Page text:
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In August 2021, CARFAC Ontario collaborated with CARFAC National to develop and submit a series of recommendations to the House of Commons Standing Committee on Finance for the 2022 Pre-Budget Consultations. 

We recommended that the Federal Government: 

1. Modernize the Employment Insurance program  

2. Advance the Canada Council for the Arts’ 2021-26 Strategic Plan by investing $2M for the creation of a high-access Micro-Grant program for artists

3. Create a new program at Canadian Heritage to encourage and support entrepreneurship among visual artists

4. Amend the Copyright Act to include an Artist’s Resale Right as an economic marketplace solution for individual artists 


The full brief follows, or you can click here to read as a PDF.

 

Snapshot of the Visual Arts Sector in Canada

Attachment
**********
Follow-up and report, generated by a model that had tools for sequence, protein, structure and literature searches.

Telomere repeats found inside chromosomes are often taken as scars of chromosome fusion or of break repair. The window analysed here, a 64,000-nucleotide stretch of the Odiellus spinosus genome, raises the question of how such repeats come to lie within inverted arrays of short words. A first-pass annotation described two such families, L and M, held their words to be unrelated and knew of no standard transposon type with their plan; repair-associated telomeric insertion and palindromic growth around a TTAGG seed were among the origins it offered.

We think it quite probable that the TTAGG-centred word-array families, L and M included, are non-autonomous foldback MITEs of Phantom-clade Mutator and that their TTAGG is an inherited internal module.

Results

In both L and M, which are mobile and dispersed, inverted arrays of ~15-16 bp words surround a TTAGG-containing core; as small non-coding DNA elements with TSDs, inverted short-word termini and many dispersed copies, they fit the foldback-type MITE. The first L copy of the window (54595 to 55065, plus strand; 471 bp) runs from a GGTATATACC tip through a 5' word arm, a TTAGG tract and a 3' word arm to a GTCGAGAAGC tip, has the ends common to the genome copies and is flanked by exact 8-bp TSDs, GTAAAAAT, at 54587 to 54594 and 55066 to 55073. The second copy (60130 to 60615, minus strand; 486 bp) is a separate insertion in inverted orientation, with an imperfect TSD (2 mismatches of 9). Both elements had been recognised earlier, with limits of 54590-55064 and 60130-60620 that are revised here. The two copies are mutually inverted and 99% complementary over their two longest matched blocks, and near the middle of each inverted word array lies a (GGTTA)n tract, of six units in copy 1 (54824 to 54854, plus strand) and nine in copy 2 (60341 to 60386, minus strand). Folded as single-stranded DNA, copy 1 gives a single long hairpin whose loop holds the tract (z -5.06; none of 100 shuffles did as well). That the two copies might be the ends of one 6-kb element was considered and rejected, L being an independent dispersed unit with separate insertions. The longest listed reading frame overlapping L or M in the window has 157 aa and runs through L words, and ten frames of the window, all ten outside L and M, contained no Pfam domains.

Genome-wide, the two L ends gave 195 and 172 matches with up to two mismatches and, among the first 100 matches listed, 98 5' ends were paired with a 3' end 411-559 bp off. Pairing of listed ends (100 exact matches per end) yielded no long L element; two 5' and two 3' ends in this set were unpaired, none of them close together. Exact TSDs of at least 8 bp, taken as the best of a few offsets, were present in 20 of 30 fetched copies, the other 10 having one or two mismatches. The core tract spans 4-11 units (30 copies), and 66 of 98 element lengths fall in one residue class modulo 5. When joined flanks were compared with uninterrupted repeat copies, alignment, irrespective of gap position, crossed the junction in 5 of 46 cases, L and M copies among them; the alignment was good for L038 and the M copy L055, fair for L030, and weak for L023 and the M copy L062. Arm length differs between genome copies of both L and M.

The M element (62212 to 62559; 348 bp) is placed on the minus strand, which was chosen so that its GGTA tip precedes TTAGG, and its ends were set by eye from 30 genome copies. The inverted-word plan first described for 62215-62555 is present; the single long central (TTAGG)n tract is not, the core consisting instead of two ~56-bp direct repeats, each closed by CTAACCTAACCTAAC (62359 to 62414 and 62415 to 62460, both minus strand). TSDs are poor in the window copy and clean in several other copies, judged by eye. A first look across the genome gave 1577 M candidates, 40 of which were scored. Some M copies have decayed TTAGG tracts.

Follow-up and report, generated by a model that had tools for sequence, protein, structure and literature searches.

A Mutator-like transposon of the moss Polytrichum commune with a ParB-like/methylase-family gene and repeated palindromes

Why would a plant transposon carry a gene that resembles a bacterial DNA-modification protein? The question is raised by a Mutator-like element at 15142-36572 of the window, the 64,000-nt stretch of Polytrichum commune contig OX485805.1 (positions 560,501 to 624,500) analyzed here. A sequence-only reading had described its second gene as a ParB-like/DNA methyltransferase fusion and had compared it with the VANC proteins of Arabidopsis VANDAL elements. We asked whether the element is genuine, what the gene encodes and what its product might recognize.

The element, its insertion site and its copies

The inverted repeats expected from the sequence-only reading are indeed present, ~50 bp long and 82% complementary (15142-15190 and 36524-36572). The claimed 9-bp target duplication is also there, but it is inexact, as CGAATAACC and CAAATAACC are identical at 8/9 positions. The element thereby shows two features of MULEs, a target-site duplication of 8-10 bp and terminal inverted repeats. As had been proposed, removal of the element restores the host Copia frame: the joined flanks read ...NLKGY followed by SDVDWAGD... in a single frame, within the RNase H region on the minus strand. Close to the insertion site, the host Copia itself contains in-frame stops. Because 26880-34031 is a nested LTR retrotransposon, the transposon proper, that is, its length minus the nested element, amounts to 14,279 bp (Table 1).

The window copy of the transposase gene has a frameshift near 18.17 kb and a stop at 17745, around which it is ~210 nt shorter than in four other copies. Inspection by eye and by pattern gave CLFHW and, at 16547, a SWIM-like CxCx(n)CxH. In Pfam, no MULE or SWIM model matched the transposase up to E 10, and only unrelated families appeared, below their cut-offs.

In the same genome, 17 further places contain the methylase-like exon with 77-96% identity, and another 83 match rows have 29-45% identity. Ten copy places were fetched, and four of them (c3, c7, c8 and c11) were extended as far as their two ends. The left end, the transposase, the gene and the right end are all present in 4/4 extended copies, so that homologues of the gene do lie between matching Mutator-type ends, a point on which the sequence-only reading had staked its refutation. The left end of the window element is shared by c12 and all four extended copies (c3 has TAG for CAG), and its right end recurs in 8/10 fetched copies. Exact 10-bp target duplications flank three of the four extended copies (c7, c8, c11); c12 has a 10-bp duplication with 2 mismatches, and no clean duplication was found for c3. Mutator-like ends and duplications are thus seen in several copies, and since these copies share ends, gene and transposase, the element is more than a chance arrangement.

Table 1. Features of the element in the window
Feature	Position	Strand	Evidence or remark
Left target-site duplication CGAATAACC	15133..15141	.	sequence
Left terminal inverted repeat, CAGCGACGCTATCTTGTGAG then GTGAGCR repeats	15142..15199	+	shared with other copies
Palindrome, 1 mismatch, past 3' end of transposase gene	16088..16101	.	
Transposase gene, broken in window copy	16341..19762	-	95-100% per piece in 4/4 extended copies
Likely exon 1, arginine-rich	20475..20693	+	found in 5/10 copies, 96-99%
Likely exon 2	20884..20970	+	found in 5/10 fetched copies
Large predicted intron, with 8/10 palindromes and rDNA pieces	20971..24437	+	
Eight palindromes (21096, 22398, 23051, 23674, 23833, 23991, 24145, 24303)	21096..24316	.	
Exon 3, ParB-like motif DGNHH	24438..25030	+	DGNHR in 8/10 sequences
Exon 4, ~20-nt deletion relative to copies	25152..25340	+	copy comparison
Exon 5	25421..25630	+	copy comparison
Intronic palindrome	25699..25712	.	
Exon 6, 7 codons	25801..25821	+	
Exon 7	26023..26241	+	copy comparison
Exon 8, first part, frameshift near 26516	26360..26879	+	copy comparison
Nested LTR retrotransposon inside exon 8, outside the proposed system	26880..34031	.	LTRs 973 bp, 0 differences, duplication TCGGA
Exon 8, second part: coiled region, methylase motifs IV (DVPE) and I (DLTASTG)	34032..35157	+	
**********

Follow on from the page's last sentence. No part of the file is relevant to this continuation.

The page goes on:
Primarily self-employed, visual, media, and craft-based artists derive income through various revenue streams. It is extremely rare for a single source of revenue to provide enough income to live on. It is a common practice for artists to occupy several roles, including but not limited to: creation, sales, instruction, mentorship, consultancy, speaking, curation, writing, and working for art institutions and organizations.  This leads to a mixture of royalties and fees paid, sales, and wages from additional part-time jobs, such as teaching in universities or working for galleries. Many artists and cultural workers supplement their arts incomes with labour in other sectors, which often involves low-paid and/or precarious gig-work.  

- According to 2016 Census data, there are 726,600 cultural workers, representing 4% of the overall labour force. This includes over 158,000 artists living and working in Canada, representing more workers than in automotive manufacturing and utilities;